In the fish tank in my lab we have a crab that is remarkable for a number of reasons. For one thing it is not a crab and it has died at least twice. This remarkable creature was a gift from a Year 11 student, Margarita Solontovnikoff, and was presented with a companion tropical fish about 16 months ago. Both of these were Margarita´s former pets and, for whatever reason, she thought we might like to have them.

The fish turned out to be a little thug who spent all his waking moments bossing about the goldfish who were fellow residents of his aquarium. I suspect that it was his aggressive demeanor that resulted in his becoming a “gift” bequeathed to the Science department. In the end we put him into solitary confinement in another tank where he is serving a life sentence without parole.

Margarita´s “crab” is actually a freshwater crayfish but the kids never really got round to accepting that. I protested that that they were committing a grave taxonomic error in calling it a crab but they seemed to be able to live with this. And so, after pointing out that he was really a crayfish approximately 15 billion times, I had to admit defeat. The crayfish had become a crab.

Then he went and died. One day one of the kids at the bench closest to the tank called out “Sir! The crab is dead!” and everyone was gathered around. It was true. There he was, his trunk motionless and pale but with his fine delicate limbs moving almost imperceptibly in the current of circulating water.

While all we were passing around the Kleenex and various eulogies were being delivered, the real crayfish, alive and well and hiding in his usual place behind a submerged log, was probably asking himself what all the fuss was about. Why were mourners weeping over his discarded exoskeleton?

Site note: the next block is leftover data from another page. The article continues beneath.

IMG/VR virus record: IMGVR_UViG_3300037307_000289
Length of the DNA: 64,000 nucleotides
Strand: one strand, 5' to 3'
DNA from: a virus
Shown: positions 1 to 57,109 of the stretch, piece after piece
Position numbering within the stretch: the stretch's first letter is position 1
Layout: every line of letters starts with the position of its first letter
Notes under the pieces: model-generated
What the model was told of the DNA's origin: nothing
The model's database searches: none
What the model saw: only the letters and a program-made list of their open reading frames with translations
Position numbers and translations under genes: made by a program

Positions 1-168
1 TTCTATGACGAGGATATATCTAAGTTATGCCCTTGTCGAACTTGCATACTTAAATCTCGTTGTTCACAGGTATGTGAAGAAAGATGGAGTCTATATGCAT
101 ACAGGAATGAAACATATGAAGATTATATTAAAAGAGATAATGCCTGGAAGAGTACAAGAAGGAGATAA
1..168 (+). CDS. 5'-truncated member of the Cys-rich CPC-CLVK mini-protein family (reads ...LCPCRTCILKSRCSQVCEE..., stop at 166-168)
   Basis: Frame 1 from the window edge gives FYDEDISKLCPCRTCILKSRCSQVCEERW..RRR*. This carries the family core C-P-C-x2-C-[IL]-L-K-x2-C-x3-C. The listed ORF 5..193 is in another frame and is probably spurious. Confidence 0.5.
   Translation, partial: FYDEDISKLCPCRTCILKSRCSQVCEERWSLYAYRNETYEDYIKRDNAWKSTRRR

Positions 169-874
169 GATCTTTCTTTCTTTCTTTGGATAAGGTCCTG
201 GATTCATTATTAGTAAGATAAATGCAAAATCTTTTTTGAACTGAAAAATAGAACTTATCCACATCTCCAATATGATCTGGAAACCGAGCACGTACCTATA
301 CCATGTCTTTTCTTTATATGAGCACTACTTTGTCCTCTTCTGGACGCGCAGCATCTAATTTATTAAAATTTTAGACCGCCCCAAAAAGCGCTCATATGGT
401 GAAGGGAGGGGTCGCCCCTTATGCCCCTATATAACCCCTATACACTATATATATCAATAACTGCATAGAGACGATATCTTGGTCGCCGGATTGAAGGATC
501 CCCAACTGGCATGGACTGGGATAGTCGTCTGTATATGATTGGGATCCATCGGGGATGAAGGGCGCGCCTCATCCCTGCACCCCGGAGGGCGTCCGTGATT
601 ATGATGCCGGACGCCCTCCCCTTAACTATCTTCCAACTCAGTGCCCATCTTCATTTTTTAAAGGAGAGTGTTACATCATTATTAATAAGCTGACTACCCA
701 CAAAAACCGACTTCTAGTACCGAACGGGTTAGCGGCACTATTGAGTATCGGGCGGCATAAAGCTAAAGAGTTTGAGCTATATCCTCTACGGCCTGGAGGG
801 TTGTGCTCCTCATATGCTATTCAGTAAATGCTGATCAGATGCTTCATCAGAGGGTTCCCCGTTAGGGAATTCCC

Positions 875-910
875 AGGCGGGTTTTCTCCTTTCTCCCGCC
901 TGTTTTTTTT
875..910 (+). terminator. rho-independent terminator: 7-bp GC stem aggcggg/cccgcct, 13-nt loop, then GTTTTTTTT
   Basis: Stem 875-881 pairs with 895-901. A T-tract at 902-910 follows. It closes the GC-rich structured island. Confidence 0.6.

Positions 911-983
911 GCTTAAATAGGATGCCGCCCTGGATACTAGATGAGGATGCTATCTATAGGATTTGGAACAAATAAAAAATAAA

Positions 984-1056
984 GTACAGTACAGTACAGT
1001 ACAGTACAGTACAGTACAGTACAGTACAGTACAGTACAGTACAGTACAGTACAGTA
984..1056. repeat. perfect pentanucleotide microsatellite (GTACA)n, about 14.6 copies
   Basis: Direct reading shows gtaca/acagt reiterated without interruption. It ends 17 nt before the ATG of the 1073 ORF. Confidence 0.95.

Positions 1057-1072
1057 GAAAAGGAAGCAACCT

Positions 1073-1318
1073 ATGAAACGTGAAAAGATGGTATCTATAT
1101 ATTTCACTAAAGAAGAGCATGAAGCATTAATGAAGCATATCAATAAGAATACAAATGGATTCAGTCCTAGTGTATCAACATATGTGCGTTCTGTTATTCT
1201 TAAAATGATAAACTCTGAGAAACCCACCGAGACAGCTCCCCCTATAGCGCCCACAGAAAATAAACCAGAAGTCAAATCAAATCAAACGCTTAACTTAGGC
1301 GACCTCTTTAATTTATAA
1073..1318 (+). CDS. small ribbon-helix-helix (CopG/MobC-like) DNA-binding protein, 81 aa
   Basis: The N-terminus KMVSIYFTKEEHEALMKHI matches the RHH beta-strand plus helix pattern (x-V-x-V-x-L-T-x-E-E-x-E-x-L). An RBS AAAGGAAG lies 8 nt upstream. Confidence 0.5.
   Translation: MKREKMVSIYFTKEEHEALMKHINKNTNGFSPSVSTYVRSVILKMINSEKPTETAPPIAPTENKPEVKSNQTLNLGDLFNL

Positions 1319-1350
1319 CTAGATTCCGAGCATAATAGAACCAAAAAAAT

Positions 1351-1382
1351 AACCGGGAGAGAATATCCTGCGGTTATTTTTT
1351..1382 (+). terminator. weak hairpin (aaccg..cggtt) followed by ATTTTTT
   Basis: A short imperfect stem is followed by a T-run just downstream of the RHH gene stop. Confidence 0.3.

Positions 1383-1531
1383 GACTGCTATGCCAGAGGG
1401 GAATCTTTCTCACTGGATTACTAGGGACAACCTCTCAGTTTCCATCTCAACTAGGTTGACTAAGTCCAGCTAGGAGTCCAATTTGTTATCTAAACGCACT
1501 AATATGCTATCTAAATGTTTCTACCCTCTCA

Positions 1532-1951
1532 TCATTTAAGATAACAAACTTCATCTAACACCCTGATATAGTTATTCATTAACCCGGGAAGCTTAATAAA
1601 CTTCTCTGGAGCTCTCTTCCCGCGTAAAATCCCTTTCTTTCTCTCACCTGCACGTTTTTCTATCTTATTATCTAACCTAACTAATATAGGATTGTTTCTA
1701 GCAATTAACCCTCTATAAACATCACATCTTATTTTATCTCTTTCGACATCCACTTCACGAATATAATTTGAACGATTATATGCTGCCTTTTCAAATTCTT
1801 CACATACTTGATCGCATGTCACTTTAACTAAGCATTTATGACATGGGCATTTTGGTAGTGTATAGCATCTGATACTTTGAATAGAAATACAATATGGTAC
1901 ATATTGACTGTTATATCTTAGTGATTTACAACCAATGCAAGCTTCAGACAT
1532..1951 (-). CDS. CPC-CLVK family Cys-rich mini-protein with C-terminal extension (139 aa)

That was the first time Margarita´s crab died. He did it again this weekend but this time we were wise to his antics. We knew he was a “Schrodinger´s cat” kind of crayfish who could pull off the stunt of being alive and dead at the same time. I lifted the wooden log and there he was, full of beans, quietly smirking to himself.

We never gave this crayfish a name, which seems odd. A few years ago another student gave us a white mouse complete with cage and other mouse accessories and a spontaneous debate erupted. What would we call the mouse? I told the Year 7 kids that they could decide on a name provided they agreed on some majority decision. The alternative proposals were recorded on a computer file for everyone to review periodically. It was organized like the US presidential election of 2016 (although more democratic) and the result, again like the US election, was that no suitable candidate could be found.

In the end, after a great deal of undignified bickering, I told the kids that I was fed up with their arguing and that I myself would come up with a name. The mouse was duly christened “Stuart” after Stuart Little the Hollywood A-list mouse who could speak and even drive a car. It was amazing to me that none of the Year 7s had thought of this. After all they were the ones who were supposed to be kids, not me.

Why should we think that a mouse deserves a name and not a crustacean? I suspect that this is somewhat more profound question than it may first appear and that the mouse seems somehow more deserving of our affection just being a mammal. We reserve little affection of anything cold-blooded.

In order to make up for oversight and to encourage us to show greater consideration for Margarita´s twice-dead “crab” and other lowly invertebrates I shall take it upon myself to propose a name.

How about Lazarus?


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Athropods need to shed their exoskeletons to grow and we have been duped into thinking that Lazarus was dead! The real Lazarus was sniggering away behind a log when I took this photo.

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This is the fish tank in my lab. Lazarus is the star of the show and often wanders around and climbs up on things.

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Lazarus is a little quiet today. I put some food in his tank but he didn´t come out of hiding to eat it. He´s normally out like a greyhound. I had to remove his log to take this picture. I think it may take a good while for his new exoskeleton to harden up fully and he feels a little vulnerable.